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When soldier’s son and officer, Harry Feversham (Heath Ledger), resigns on the eve of his regiment’s posting to the British Empire’s rebellious Sudan in 1875, his fellow officers, like Jack (Wes Bentley) and even his fiancee Ethne (Kate Hudson) consider him a coward – and each sends him the traditional white feather insult. His father disowns him. Tortured by self doubt and not sure whether he is a coward or just against this imperial war, Harry sets off for Sudan when he hears of the dangers his regiment faces, not quite sure what he’ll be able to do. Once there, he meets up with a muscle-bound and merciful mercenary, Abou Fatma (Djimon Hounsou), who takes him under his wing. Hiding in Arab clothes, Harry gets behind enemy lines but his efforts to warn his regiment of impending disaster are foiled by his army friends’ arrogance. In the bloody battle that follows, Harry gets to redeem his honour, at a great price. 

Review by Andrew L. Urban (UNFAVOURABLE): 
It may be that the screenplay does a great disservice to the novel which inspired it, because it turns the work into an interminable melodrama with lacklustre characters and dreary dialogue. The film not only fails in setting its historical context within our grasp, it fails to establish any of the characters beyond perfunctory outlines. Heath Ledger is thrown into a difficult role with a clunky set of emotional touchstones to hit; he tries courageously. Kate Hudson shines through in another flatly written role, and the rest of the cast are treated as plot fodder. Perhaps the biggest problem is the editing, but it’s hard to tell whether it’s induced by the director’s vision or the exigencies of the script. Or perhaps the impossible task of reducing the book to film length. Time compression and leaps in plot development weaken our interest as we lose the plot. Another major flaw is the cinematography: not so much the technical and creative aspects, which are excellent, but the decision to rely so much on close ups, when mid shots are what we need to see. Close ups, often with a moving camera, capture none of the sense of perspective we wish for in many sequences, cutting us off from participating. The film ends up without nailing the love drama, and without nailing the political poignancy of its story, about Muslim Arabs rebelling against British rule. War was then, as it seems to be now, the only way Muslims and Christians could get close to each other.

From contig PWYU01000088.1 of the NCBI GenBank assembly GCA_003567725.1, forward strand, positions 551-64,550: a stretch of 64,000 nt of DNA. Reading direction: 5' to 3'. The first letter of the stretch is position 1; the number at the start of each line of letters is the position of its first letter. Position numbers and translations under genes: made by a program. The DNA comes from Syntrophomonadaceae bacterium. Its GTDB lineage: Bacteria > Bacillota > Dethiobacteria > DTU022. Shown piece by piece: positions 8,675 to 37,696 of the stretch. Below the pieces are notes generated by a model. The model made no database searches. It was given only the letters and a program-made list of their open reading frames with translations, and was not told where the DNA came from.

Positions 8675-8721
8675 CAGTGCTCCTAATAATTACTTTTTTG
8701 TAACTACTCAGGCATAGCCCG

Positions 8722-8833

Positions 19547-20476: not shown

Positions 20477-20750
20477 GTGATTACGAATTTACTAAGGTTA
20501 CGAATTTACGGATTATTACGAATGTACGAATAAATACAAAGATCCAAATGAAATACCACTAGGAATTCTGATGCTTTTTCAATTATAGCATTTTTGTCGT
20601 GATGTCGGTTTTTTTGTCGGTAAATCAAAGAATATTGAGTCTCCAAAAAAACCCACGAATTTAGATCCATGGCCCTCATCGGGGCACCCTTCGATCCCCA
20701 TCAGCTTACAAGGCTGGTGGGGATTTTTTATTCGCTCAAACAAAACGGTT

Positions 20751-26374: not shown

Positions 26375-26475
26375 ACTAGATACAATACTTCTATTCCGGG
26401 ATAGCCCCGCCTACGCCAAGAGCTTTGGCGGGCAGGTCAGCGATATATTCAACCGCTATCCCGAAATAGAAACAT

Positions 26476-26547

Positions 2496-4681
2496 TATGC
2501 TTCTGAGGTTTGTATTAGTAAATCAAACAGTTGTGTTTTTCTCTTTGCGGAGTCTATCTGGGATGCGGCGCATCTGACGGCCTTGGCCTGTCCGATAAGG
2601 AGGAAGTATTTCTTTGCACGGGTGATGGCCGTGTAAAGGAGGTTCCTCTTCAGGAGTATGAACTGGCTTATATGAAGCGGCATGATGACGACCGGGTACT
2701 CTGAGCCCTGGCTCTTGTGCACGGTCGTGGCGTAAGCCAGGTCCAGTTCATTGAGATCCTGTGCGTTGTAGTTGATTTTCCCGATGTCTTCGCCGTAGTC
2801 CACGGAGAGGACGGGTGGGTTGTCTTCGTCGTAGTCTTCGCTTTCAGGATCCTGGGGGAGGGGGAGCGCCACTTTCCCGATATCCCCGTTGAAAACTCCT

Review by Louise Keller (UNFAVOURABLE):
An epic disaster from start to finish, The Four Feathers is a very sorry affair for all concerned. Although Shakhar Kapur would have to shoulder a great deal of the blame, barbs can also be thrust at Michael Schiffer’s unengaging screenplay, Steven Rosenblum’s disjointed editing and a lacklustre performance from our Heath. The film is excessively and tediously overlong – I felt as though I had walked through the desert myself, with no mirage in sight. So what went wrong? An ambitious story about love and courage, The Four Feathers tries to be Lawrence of Arabia with a central love triangle, with a story of heroism, brotherly love, loyalty and paternal approval thrown in for good measure. And the four white feathers - the symbol of cowardice - manage to successfully be kept safe with the protagonist throughout all his ordeals and near-death experiences, so he can occasionally look at them (in close up) and take them home with him again. It’s a miscalculation on all counts, and a sorry spectacle that never works. The storyline jumps here, there and everywhere and we feel strangely disconnected throughout. Even the spectacular battle sequence in the middle of the desert, which should be impressive by anyone’s standards with camels and horses approaching from all directions, falls somewhat flat when we don’t really know what is happening. It must be said, however, that the settings are splendid, with its exotic Moroccan locations and vast desert whose curves and shadows seem to extend forever. And the English locations such as Hyde Claire Castle and Blenheim Palace (where Winston Churchill was born), are regal and full of tradition and ceremony. But Heath Ledger is totally un-charismatic, and instead of following his plight sympathetically, found myself rooting for Wes Bentley’s patriotic Jack Durrance. Bentley gives a terrific performance, making the most of the script to hand, and creating a character with whom we can relate. Kate Hudson, restrained by a dull role, shows plenty of style with her understatement, and the non-existent charisma between Ledger and Hudson does nothing for the film’s emotional heart. Even James Horner’s large orchestral score seems to lack innovation – the music is rather formulaic and never leaves us with a heart-felt poignancy. ‘No feathers to Horner,’ says Brad Green in his soundtrack review on another page. Adding insult to injury, after nearly two and a half hours of misconceived artistry, the ending leaves us incredulous. The Four Feathers is a disappointment of immeasurable proportions.

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CAST: Heath Ledger, Kate Hudson, Wes Bentley, Tim Piggott Smith, Djimon Hounsou

PRODUCER: Paul Feldsher, Robert D. Jaffe, Stanley R. Jaffe, Marty Katz

DIRECTOR: Shekhar Kapur

SCRIPT: Michael Schiffer (from A.E.W. Mason novel)

CINEMATOGRAPHER: Robert Richardson

EDITOR: Steven Rosenblum

MUSIC: James Horner


RUNNING TIME: 131 minutes




VIDEO RELEASE: December 10, 2003

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